CASE CLOSED BOOK II

A REVIEW OF GERALD POSNERíS KILLING THE DREAM

By W. Tracy Parnell ã 1998

 

In the world of assassination research, the Martin Luther King slaying is something akin to a poor second cousin to the JFK assassination. After all, areas of interest in the JFK case that have been studied exclusively by some researchers for over 30 years are all but a footnote to the King killing.

The medical evidence in the Kennedy case, for example, is one of the areas of greatest contention among researchers. The JFK autopsy and the documentary evidence produced during that examination is contested hotly to this day on every major point. This is not so in the King assassination. The witnesses in Memphis heard one shot, which struck King in the jaw, pierced his neck and came to rest in his shoulder blade. Dr. Jerry Francisco, the Memphis Coroner, performed the autopsy and his findings are not disputed.

Still, the King assassination has its share of controversy, due largely to the fact that James Earl Ray, the alleged assassin, recanted his 1969 guilty plea and maintained his innocence until his death. Rayís repeated denials and convoluted stories about an accomplice named "Raoul" have helped to create confusion and foster speculation about the facts of April 4, 1968. Another factor fueling the conspiracy fire is the disclosure of FBI abuses, particularly by Director J. Edgar Hoover, in the bureauís surveillance of King. And as the world notes the 30th anniversary of Dr. Kingís death, the King family has declared Ray innocent and called on President Clinton for a new investigation. The general public may logically reason that if the King family believes in a conspiracy that it may well be so.

Enter journalist Gerald Posner and his new book, Killing the Dream: James Earl Ray and the Assassination of Martin Luther King, Jr. published by Random House. Posner, author of the controversial best seller Case Closed which found Lee Harvey Oswald to be the lone assassin of JFK, sets out to close the book on the King case as well. Readers familiar with Case Closed will recognize the layout, style, and conclusions in Posnerís new book. Another similarity is Posnerís ability to gain access to information. In Case Closed, he was able to study of the files of Edward Wagmann, an attorney for Clay Shaw. This time around, Posner and his wife were the first researchers to examine the archives of George McMillan, who gained the trust of the Ray family during research for his book, The Making of an Assassin.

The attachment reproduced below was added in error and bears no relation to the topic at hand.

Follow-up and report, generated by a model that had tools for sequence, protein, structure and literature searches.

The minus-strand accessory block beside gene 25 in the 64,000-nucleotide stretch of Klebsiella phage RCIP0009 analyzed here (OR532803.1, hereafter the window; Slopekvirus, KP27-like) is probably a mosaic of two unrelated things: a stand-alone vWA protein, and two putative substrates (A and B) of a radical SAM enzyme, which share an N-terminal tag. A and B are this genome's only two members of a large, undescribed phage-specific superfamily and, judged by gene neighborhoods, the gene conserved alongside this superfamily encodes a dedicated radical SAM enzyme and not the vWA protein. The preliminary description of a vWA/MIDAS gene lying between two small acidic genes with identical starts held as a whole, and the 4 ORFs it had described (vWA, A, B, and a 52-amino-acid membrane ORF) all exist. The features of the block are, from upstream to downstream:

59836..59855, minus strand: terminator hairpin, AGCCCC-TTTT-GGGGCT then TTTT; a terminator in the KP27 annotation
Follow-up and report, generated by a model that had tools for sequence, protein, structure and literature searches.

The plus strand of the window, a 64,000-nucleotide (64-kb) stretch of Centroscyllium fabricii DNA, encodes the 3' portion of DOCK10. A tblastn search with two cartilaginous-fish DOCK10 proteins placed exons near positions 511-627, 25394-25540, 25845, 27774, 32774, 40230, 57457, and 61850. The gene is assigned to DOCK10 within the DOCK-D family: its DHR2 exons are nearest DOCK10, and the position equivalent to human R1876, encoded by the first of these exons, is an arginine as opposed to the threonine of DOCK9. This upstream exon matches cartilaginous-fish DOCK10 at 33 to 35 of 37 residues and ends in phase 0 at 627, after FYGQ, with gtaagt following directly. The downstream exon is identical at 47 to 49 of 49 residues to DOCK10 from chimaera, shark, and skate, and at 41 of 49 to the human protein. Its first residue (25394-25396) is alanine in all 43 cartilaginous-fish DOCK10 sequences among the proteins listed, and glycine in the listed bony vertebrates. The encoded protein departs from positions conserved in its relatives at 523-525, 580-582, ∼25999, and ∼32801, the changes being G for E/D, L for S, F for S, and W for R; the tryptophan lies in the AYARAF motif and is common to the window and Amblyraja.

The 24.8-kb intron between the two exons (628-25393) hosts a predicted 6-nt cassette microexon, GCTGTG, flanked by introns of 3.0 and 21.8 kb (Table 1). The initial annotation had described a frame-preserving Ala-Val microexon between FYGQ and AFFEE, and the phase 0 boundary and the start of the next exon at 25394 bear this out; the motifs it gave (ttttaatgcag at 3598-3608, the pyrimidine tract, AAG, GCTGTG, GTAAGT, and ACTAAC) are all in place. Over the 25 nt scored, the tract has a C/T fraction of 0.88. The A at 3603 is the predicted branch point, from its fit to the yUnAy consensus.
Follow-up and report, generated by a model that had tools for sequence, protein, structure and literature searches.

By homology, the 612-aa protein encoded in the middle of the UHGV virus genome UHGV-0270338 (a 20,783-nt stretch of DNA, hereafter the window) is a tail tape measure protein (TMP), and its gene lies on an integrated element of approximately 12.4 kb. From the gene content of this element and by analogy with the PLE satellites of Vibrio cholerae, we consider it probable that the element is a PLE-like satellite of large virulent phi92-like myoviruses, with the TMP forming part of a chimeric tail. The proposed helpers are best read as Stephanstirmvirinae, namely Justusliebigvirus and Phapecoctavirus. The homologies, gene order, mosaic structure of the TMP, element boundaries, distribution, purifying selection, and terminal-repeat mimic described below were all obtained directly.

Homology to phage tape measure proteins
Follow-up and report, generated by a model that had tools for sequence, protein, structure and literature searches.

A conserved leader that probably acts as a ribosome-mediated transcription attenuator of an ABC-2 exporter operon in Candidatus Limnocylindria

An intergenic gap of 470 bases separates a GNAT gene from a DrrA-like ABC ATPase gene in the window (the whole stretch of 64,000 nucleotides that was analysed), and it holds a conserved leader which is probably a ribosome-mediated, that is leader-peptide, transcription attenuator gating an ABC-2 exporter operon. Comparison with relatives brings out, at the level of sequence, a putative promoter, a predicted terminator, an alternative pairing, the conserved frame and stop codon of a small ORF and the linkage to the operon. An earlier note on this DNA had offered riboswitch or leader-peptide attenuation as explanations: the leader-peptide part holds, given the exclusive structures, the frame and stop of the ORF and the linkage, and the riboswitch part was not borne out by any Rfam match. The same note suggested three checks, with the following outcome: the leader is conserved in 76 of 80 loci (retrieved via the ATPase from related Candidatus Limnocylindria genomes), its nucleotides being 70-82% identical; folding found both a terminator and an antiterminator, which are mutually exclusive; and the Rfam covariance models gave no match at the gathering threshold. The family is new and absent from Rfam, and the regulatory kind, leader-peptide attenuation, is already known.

Posner organizes his book into three sections: The Assassination, The Assassin, and The Search for Truth. He makes use of extensive footnotes to discuss side issues and in many cases to debunk various myths. Several footnotes appear which will especially interest assassination researchers. In one, Posner uses conspiracy author David Lifton, who he castigated in Case Closed for his body-alteration theories, to bolster his contention that Rayís accomplice "Raoul" is fictitious.

Posner begins the first section of his book with an account of the Memphis sanitation strike of 1968, the event which brought King to the city. He then offers a detailed description of the assassination and analyzes Rayís actions before and after the event. The former Wall Street attorney also details the international manhunt for Ray leading to his capture about two months after the assassination.

In Case Closed, Posner reasoned that the best way to find the truth about the JFK assassination was to study the alleged assassin Lee Harvey Oswald. It comes as no surprise then, that in the second part of his book, he devotes 173 pages to a biography of Ray. The alleged assassin was born in Alton, Illinois in 1928 to an impoverished family with a long history of criminal activity. Posner follows Rayís futile efforts to cope with his environment through his formative years and documents his first petty crimes at the age of fifteen.

Posner begins to develop a motive for Ray when he relates the story of his friendship with a tannery co-worker in Alton who was a Nazi sympathizer. Later, after joining the Army, Ray listed Germany as his choice for Foreign Service. After a general discharge, he began drifting and wound up in Los Angeles, where he was arrested for the first time and served 90 days for burglary.

After his release, Ray returned to Illinois where he tried his turn at a couple of legitimate jobs but could not stay "straight". He served 22 months in Joliet prison for a botched robbery and later was sent to Leavenworth after stealing postal money orders. While at Leavenworth, Ray again showed his racial bias by refusing to be sent to an honor farm, where there were integrated dormitories. Eventually, Ray was sent to Missouri State Penitentiary, where Posner develops evidence that he was involved in the prison drug trade and may have had preliminary discussions about murdering King. It may also have been here, Posner contends, that Ray first learned of an offer by a racist lawyer of $50,000 to kill King, thereby introducing a powerful second motive.